Serves 6 as a side dish
1½ cups Le Puy lentils
1 medium onion, very finely diced
2 cloves garlic, crushed finely
Zest of 1 lemon, grated
2 Tbsp olive oil
1 Tbsp sherry or wine vinegar
3 Tbsp chopped parsley
Leaves strips of orange zest, to garnish
Place lentils in a pot with onion, garlic, lemon zest, olive oil and 4 cups water. Simmer uncovered until lentils are just tender and liquid has all but evaporated (15-20 minutes).
If the lentils are tender and there is still liquid in the pot, turn up the heat and watch closely until all liquid has evaporated.
Remove from heat, season to taste with salt and ground black pepper and stir in vinegar and parsley. Garnish with strips of orange zest to serve.
This dish tastes even better if made a day ahead, chilled and reheated.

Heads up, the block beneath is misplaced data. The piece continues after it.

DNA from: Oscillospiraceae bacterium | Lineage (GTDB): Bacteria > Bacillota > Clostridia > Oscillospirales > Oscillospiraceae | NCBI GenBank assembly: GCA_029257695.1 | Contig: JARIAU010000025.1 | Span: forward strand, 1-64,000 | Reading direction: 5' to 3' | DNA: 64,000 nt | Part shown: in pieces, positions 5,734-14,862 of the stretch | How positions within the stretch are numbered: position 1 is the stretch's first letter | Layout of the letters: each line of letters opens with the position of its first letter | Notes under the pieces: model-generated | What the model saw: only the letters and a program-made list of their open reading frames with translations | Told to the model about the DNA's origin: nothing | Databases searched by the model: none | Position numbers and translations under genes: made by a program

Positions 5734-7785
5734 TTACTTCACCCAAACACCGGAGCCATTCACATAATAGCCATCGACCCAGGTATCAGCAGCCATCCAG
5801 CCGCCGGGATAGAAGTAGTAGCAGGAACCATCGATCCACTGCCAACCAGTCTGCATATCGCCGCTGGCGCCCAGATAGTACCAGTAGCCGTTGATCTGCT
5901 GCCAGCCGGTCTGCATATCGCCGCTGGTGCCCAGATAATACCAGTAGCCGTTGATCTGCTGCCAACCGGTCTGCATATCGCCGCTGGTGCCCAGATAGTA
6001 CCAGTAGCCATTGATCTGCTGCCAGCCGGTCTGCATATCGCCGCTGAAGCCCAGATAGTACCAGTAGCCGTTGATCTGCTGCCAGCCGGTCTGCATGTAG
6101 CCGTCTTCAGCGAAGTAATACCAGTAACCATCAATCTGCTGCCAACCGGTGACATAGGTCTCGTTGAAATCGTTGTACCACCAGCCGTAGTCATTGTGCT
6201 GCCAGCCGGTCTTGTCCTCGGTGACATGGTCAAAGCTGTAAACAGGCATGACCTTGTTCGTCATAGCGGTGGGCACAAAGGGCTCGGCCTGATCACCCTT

Ready in 1¾ hours
4 duck legs
Salt and ground black pepper, to taste
1 long red chilli
Zest of ½ a lime, finely grated
1 cup chicken stock
1 cup coconut cream
½ cup tamarind chutney or 6 Tbsp of any other chutney with 2 Tbsp tamarind paste
½ cup coriander and/or mint leaves, to serve
Preheat oven to 200C fanbake. Season duck well all over and place in a deep casserole dish. Roast until fat runs freely and skin starts to brown (about 40 minutes).
Lift duck out of dish, drain off fat (chill and use for cooking other things such a confit or roast potatoes) and return duck to dish.
Combine all remaining ingredients except herbs and pour over duck. Cover, reduce oven to 160C fanbake and cook until duck starts to lift away easily from the bone (50-60 minutes). Check liquid is bubbling around duck — if it starts to catch, add a little water or more coconut cream.
Uncover and increase oven to 220C to brown (about 10 minutes).
Serve garnished with coriander and/or mint.